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CROWN POINT | Compared with the slowly growing national and state economies, Northwest Indiana’s economy remains flat and is in exactly the same place it was 20 years ago.

Bala Arshanapalli, professor of finance at Indiana University Northwest, delivered that message at Friday’s Morning Business Hour at First Financial Bank.

The bank hosts the monthly meetings that draw dozens of business owners and representatives from area businesses, industries and educational institutions.

“We are no where near where we were in the late 1990s,” said Arshanapalli, the Gallagher-Mills Chair of Business at IUN. “There is substantial room for growth.”

The gross domestic product continues to experience the effects from events in the fourth quarter of 2012, he said. Uncertainty over the election, the fiscal cliff and increased taxes has caused a drop in consumer and business spending, investments and government spending during the fourth quarter, he said.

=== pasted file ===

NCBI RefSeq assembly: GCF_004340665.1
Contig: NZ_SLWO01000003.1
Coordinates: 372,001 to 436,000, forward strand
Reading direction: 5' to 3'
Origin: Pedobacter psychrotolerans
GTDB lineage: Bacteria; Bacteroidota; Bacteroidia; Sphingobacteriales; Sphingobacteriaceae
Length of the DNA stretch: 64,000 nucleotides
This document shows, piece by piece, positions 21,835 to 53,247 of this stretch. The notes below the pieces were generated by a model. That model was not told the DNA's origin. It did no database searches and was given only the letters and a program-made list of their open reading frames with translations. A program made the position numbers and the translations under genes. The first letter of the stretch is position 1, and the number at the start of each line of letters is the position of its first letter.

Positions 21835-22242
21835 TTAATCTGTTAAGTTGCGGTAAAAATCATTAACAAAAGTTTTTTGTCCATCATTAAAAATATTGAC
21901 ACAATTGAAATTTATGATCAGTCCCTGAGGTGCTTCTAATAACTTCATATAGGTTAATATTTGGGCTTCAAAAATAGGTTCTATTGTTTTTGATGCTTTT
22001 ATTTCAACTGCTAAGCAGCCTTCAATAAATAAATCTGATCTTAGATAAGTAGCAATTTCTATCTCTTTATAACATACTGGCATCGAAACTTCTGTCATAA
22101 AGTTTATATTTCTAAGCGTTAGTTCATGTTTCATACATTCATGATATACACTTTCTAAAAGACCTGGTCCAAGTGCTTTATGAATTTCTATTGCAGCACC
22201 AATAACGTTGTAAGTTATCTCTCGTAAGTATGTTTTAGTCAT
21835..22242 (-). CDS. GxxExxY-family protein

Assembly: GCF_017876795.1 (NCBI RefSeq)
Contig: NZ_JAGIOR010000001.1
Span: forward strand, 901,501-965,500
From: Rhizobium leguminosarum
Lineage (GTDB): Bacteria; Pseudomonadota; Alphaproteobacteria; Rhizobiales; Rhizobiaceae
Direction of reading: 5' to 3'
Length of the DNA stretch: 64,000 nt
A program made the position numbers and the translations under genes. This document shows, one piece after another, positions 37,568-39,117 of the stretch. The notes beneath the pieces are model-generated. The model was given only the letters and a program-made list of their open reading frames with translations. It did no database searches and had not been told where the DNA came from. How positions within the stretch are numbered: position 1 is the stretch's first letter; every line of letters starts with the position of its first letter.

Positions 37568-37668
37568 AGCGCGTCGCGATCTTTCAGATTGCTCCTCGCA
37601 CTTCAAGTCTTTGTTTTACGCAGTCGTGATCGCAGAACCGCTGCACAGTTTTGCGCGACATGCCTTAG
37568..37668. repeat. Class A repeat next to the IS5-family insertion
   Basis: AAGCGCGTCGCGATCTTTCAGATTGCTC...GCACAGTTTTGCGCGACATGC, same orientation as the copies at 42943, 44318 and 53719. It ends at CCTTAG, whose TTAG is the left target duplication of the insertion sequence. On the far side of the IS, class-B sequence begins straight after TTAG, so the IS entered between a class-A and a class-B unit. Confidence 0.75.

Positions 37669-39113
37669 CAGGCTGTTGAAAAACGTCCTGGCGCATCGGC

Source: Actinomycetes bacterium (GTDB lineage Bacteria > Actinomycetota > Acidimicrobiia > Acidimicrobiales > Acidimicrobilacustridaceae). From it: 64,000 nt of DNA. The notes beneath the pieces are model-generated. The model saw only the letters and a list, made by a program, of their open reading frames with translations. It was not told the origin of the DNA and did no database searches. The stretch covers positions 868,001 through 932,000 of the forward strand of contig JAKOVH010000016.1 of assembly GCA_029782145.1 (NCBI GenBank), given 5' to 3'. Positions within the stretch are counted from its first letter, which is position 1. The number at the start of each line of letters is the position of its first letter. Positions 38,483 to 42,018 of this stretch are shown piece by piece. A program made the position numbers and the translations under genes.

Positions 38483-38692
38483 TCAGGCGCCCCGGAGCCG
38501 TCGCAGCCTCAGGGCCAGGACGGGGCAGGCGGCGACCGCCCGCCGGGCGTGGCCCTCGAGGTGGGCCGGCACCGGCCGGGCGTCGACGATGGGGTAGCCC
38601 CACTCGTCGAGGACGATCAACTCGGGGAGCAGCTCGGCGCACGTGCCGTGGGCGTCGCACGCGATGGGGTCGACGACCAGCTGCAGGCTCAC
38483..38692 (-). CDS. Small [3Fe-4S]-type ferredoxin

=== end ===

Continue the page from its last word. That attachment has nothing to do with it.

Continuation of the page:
“Hopefully, this quarter will be better,” Arshanapalli said as part of his economic outlook for 2013.

However, of most concern is Northwest Indiana’s economy, he said

Last year, Arshanapalli and Professor Emeritus of Economics Don Coffin developed the Northwest Indiana Index, which looks at specific factors in the region’s economy. Those factors include steel production, retail sales, manufacturing and local employment. It is published first in The Times monthly.

“Steel production is flat,” Arshanapalli said, adding that the steel industry isn’t any longer a major employment source.

“They are using the same number of workers, but having them produce more,” he said about employment at local steel mills. Health care and social services account for the most growth in the region.

“For the last 20 years, there has not been much upgrowth. We are where we started in 1992.” the economics professor said.

Arshanapalli said the region needs an influx of new residents, especially those who currently live and work in Chicago. The lower housing costs and lower property taxes here should be touted, he said.

“We are overshadowed by Chicago,” Arshanapalli said.

Getting people to their jobs in Chicago might take thinking outside the box, including using ferries to transport workers from the major lakefront areas into the city, as is done in New York City, he said.

There also needs to be emphasis placed on education, on reducing the brain drain of young people moving out of the area seeking employment and on spotlighting what’s positive about the entire Northwest Indiana region, Arshanapalli said.

“The politicians are not doing their job,” he said. “They are not promoting Northwest Indiana (as a whole). … The region has to work together.”